Caused in part by crop failures linked to various climate-related natural disasters along with fuel price increases, a global food price index monitored by the United Nations Food and Agriculture Organization (FAO) has surpassed a 2008 record high, with global corn prices up 52%, wheat up 49% and soy up 28% relative to 2010.
Rising food costs have already led to recent rallies and unrest in Morocco, Algeria, Jordan, Mozambique and Yemen. Officials caution that the situation is becoming dangerous, with climate change expected to decrease crop yields due to more extreme weather events. Following recent widespread and damaging floods in Australia, some food items have risen 20% in price in cities such as Sydney and Melbourne.
The FAO cautions that those who continue to be most at risk are in the developing world, where an average 70% of household income is spent on food.
Guriya Devi, Indian housewife: Lentils cost almost $1.5 a kilo, so do you think we can eat them? The price used to be 60 cents - we could buy them then, now we can't even think of it. What can we do with the income we have? Poor people like us are suffering.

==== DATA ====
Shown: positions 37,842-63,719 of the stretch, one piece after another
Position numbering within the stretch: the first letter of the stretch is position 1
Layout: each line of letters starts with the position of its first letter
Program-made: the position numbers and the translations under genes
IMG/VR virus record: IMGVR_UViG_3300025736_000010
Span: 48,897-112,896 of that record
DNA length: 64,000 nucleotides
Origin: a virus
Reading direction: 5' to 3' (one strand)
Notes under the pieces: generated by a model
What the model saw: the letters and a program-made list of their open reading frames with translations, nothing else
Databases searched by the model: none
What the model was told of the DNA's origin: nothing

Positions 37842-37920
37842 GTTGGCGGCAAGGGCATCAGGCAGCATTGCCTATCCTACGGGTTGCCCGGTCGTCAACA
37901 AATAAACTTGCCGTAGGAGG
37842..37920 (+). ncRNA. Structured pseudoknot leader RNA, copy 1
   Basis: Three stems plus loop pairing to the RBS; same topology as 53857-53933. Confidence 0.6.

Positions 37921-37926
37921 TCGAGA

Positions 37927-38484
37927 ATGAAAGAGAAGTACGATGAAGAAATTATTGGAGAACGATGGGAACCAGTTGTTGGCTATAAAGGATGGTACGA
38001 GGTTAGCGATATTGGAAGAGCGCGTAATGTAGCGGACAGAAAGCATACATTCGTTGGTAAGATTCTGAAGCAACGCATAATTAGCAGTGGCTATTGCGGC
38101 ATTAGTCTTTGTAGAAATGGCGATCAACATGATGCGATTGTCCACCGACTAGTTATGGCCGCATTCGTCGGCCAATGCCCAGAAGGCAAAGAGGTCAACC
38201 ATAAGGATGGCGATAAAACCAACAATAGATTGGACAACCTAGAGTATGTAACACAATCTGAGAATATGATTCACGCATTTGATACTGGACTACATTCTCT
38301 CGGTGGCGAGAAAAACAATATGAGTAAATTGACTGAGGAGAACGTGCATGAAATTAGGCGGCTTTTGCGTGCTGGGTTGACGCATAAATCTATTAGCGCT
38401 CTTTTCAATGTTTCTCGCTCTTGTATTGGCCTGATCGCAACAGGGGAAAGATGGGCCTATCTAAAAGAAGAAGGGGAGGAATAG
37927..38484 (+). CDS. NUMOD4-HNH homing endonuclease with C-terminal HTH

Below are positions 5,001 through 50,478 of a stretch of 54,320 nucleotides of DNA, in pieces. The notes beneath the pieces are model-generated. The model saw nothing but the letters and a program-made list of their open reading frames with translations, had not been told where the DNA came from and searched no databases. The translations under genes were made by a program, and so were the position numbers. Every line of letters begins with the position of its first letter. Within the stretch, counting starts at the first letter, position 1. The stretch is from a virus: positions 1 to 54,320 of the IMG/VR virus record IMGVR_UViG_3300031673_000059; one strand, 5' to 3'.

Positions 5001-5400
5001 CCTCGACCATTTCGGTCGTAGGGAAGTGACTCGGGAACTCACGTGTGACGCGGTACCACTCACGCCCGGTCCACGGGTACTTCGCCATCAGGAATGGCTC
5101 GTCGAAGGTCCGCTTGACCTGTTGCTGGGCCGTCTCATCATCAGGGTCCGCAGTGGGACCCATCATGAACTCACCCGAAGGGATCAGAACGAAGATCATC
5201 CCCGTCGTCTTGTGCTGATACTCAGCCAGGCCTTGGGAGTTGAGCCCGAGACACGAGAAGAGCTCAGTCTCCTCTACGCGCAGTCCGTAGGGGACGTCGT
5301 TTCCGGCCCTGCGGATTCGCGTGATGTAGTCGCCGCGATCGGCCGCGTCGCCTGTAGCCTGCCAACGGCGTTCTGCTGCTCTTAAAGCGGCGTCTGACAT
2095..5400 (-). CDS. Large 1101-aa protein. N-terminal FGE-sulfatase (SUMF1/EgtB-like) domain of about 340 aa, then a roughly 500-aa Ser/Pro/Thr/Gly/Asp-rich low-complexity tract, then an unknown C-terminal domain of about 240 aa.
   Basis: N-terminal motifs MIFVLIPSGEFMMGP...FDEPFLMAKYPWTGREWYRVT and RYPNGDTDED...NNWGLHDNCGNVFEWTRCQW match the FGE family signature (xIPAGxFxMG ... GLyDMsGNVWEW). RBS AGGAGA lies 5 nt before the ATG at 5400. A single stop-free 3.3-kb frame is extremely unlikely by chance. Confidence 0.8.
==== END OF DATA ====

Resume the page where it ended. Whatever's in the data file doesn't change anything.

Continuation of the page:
Baiju, Indian taxi driver The price of lentils and rice has gone up so much that we've stopped eating lentils. Even potatoes have become expensive… Our family survives by eating just vegetables and rice.
In Kenya, the price of staples such as maize and beans have spiked, causing most of the northern Kenyan population to be at risk of starvation. The nation's Red Cross reported that these conditions come after crop failures in the three consecutive planting seasons, with young children, expectant mothers, and elderly suffering the worst impacts of malnutrition. International relief agencies have been trying to distribute emergency food supplies in the area.
Our thanks for the concerned alerts as well as the efforts of the United Nations Food and Agriculture Organization, the Kenyan Red Cross and others in addressing the challenging situation faced by people across the globe due to increasing food prices. May we step together in sustainable, climate-stabilizing actions to ensure worldwide sustenance, especially for the most vulnerable.
Supreme Master Ching Hai has often addressed concerns of high food prices and shortages while encouraging humanity's considerate participation toward alleviating these problems, as during an October 2009 videoconference in Indonesia.